Taking A Hard Line Against Democracy

Panicked crowds raced through Nairobi's slums, as police gunfire rattled the air. Stone-throwing youths shouted freedom slogans--then quickly returned to their looting. Scattered violence spread beyond the Kenyan capital last week and dissidents who fled the country warned that unless he bends, President Daniel arap Moi could go the way of Romania's Nicolae Ceausescu. But the comparison was overblown. The autocratic government of Moi easily weathered four days of street battles by ordering police to "take all appropriate measures." Few believed the government's claim that 20 civilians had died: eyewitnesses said 19 people were shot dead by the police in one small town alone. Unfazed by a wave of international condemnation, Moi blamed the bloodshed on "hooligans and drug addicts."

With that presidential dismissal, Kenya may have joined the legion of African nations that seem bent on political upheaval. Admired in the West for its stability, capitalism and spectacular scenery, Kenya has, in fact, been courting trouble for years. Since coming to power in 1978, Moi has presided over steady economic growth underpinned by abundant forign aid. At the same time, he has crushed political opposition and stripped the judiciary of its independent power. Troubled by the president's dictatorial whims and widespread corruption, Western investors are pulling back, threatening a long-term blight of the Kenyan economy. A crisis may be approaching more quickly than ever. Western nations, which underwrite 30 percent of the national budget, are talking of possible cutbacks. The U.S. State Department, meanwhile, delivered a blow to Kenya's vital tourist trade by warning U.S. citizens only to visit the country on essential business.

The showdown began building on New Year's Day, in the aftermath of the Romanian government's collapse. A protestant leader asked Moi to lift a ban on political parties he formally imposed in 1982--and was promptly threatened with arrest. Moi argued that a multiple-party system would only exacerbate conflicts among Kenya's ethnic groups. He dismissed those calling for pluralism as "dictators and puppets of foreign masters" and threatened to hunt down his opponents "like rats." He made good on those threats on July 4. when police arrested Kenneth Matiba and Charles Rubia--former Cabinet ministers who had led the call for change--and held them under laws permitting indefinite detention without trial.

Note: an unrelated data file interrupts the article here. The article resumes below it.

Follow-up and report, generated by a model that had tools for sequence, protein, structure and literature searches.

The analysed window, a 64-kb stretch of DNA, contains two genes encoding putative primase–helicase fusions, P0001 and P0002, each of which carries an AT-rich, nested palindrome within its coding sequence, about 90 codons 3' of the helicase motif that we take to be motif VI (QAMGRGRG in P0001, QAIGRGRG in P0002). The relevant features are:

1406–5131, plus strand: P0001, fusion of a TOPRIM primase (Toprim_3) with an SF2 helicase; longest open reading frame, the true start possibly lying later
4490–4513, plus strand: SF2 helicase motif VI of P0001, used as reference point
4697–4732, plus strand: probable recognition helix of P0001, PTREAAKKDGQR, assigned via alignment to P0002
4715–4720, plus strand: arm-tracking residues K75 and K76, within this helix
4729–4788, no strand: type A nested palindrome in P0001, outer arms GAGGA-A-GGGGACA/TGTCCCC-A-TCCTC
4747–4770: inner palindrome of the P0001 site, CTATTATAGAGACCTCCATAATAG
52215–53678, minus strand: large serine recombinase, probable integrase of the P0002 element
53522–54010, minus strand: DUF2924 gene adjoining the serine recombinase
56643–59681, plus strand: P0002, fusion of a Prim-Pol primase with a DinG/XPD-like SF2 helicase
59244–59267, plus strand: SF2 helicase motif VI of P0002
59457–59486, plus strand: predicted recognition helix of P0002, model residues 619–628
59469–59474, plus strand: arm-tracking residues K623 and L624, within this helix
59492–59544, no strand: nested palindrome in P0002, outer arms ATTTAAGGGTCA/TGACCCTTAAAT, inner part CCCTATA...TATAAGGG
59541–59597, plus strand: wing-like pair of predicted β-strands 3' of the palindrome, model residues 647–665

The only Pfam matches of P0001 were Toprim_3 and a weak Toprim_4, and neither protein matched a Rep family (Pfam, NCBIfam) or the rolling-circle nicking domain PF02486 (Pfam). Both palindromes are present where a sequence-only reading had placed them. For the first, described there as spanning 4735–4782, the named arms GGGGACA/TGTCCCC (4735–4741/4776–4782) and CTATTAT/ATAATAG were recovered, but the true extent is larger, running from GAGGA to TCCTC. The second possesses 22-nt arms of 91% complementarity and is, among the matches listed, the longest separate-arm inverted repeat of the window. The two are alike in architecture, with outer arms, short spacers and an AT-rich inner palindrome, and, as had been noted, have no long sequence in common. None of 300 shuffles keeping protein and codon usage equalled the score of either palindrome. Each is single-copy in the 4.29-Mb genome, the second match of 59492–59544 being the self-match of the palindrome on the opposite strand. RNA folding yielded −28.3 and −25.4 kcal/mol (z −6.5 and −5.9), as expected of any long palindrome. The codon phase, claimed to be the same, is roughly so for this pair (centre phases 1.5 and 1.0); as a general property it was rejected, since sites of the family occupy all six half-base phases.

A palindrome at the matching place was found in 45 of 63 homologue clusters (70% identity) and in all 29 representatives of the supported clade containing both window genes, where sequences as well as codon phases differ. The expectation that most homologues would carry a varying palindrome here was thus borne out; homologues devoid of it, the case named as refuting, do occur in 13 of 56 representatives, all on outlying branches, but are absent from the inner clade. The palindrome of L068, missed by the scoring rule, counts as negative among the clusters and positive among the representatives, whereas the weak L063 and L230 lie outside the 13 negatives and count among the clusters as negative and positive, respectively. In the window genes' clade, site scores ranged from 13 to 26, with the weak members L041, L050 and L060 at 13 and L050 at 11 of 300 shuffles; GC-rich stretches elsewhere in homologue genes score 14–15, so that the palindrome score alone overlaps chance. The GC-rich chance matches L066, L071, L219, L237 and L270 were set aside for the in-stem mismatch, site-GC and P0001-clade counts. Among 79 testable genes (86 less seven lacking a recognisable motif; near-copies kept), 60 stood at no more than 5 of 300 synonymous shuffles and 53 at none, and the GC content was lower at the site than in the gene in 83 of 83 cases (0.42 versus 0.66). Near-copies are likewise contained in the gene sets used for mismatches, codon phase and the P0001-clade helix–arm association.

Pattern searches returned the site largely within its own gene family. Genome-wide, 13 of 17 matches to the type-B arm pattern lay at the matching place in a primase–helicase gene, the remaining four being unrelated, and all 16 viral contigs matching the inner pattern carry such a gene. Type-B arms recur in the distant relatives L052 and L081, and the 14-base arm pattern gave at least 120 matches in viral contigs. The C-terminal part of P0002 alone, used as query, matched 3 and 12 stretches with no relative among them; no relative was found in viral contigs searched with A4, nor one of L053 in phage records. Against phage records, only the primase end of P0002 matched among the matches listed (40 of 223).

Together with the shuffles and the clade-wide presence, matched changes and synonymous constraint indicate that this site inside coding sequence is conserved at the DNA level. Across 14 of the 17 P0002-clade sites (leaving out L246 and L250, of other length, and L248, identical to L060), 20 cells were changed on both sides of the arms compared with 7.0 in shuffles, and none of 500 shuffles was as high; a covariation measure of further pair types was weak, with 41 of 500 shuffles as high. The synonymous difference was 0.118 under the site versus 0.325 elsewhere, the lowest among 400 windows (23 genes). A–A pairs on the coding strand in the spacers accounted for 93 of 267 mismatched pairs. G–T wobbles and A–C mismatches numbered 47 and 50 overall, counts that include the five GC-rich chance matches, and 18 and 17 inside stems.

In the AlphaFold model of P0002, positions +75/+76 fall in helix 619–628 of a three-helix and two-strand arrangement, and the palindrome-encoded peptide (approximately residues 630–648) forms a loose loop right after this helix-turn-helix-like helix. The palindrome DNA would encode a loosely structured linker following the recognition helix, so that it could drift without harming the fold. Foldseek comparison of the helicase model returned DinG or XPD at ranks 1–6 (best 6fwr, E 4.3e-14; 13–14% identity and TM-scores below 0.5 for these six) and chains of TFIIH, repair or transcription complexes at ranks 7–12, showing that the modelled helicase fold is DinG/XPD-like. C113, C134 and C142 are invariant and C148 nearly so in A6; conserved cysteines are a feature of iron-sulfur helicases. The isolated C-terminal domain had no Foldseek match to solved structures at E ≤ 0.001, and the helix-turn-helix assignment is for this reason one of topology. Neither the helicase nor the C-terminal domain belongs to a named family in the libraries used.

The wave of violence was touched off on July 7. Government troops moved against several hundred demonstrators who attacked a policeman in Nairobi. The rioting seemed to be motivated as much by poverty as by politics; looters swept goods from shops and stores. There was also a strong ethnic strain to the unrest. It seemed particularly concentrated in areas inhabited by Kenya's largest tribe, the Kikuyu, which resents the government's favortism toward Moi's ethnic group, the Kalenjins. The strife also reached the gates of the U.S. Embassy, where Gibson Kamau Kuria, a prominent human-rights lawyer, took refuge when the crackdown began. After protesting "this unwarranted [U.S.] interference in Kenya's internal affairs," the government permitted Kuria to flee quietly to London. By late last week, police had arrested at least 17 people linked to the multiparty campaign, as well as dozens more who were picked up for possessing musical tapes bearing antigovernment lyrics. More than 1,400 others faced charges connected with last week's riots.

Despite his authoritarian ways, Moi has received surprisingly little criticism from black Africa. Indeed, censure from the West may be helping him. Arriving in Nairobi at the end of his international tour last week, South African nationalist leader Nelson Mandela said: "What right have the whites anywhere to teach us about democracy, when they executed those who asked for democracy during the time of colonial rule?" That attitude has justified one-party rule across the continent--and seems likely to prevail in Kenya as long as Moi is in charge.